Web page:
In the middle of the century the Brussels tapestry industry still attracted artists, but none of them were very inspiring or innovative. A stimulus like the drawing academy was therefore eagerly welcomed, though it is not clear how effective it was. The author states that ‘… Sweerts’ academic endeavours constituted an important step in the evolution of the Netherlandish academy over the course of the seventeenth and early eighteenth centuries’ (p. 106); a claim that, in my opinion, is not based on sufficient arguments.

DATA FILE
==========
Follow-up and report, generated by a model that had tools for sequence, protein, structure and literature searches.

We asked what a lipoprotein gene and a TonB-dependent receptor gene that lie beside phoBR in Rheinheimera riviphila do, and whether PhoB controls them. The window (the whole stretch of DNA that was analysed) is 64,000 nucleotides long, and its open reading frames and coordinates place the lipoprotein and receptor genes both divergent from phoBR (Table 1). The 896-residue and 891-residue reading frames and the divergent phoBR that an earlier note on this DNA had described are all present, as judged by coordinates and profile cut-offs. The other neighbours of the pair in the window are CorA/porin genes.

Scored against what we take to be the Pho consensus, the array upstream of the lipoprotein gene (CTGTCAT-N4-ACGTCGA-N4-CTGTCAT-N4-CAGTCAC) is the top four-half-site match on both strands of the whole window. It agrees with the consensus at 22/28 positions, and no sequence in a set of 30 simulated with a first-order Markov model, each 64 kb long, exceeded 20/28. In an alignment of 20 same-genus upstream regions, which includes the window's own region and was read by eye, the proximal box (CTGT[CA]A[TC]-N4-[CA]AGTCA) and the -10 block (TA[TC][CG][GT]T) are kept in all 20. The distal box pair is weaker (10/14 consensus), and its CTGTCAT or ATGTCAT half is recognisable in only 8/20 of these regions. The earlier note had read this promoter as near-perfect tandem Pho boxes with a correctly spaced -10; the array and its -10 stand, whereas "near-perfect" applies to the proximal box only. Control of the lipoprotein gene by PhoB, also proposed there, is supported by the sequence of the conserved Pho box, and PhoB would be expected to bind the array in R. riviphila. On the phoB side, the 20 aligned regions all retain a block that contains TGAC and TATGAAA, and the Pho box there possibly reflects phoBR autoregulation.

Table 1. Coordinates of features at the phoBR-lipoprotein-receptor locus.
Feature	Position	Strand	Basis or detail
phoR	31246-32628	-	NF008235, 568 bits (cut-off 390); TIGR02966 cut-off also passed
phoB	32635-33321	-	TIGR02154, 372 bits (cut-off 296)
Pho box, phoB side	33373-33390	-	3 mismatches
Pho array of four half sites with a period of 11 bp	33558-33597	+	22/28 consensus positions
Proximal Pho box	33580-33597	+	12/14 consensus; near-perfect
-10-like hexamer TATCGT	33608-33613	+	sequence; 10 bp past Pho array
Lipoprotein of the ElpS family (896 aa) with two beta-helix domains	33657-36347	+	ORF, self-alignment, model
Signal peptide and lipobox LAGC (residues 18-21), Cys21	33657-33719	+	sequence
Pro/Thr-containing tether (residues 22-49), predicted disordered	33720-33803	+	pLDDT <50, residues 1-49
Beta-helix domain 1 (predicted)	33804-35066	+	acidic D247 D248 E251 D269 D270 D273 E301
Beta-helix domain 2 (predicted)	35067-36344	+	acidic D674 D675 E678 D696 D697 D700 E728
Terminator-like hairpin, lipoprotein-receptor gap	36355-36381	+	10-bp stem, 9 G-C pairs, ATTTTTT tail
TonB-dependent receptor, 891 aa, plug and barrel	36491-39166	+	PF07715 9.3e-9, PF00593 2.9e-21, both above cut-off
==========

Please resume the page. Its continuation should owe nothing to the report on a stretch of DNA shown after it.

The merit of this book is that it elaborates on various aspects of Michael Sweerts’ painting - the influence of the Brussels milieu in his youth, his use of classic and contemporary sculpture when in Rome, the importance of drawing after life as in the Netherlands and his depictions of artists at work in particular - that have been less explicitly commented upon in previous studies. Some of the digressions though, such as the description of the Brussels art milieu and the history of drawing academies and drawing books in Italy and the Netherlands, are unnecessarily extensive. The book would have profited from more rigorous editing.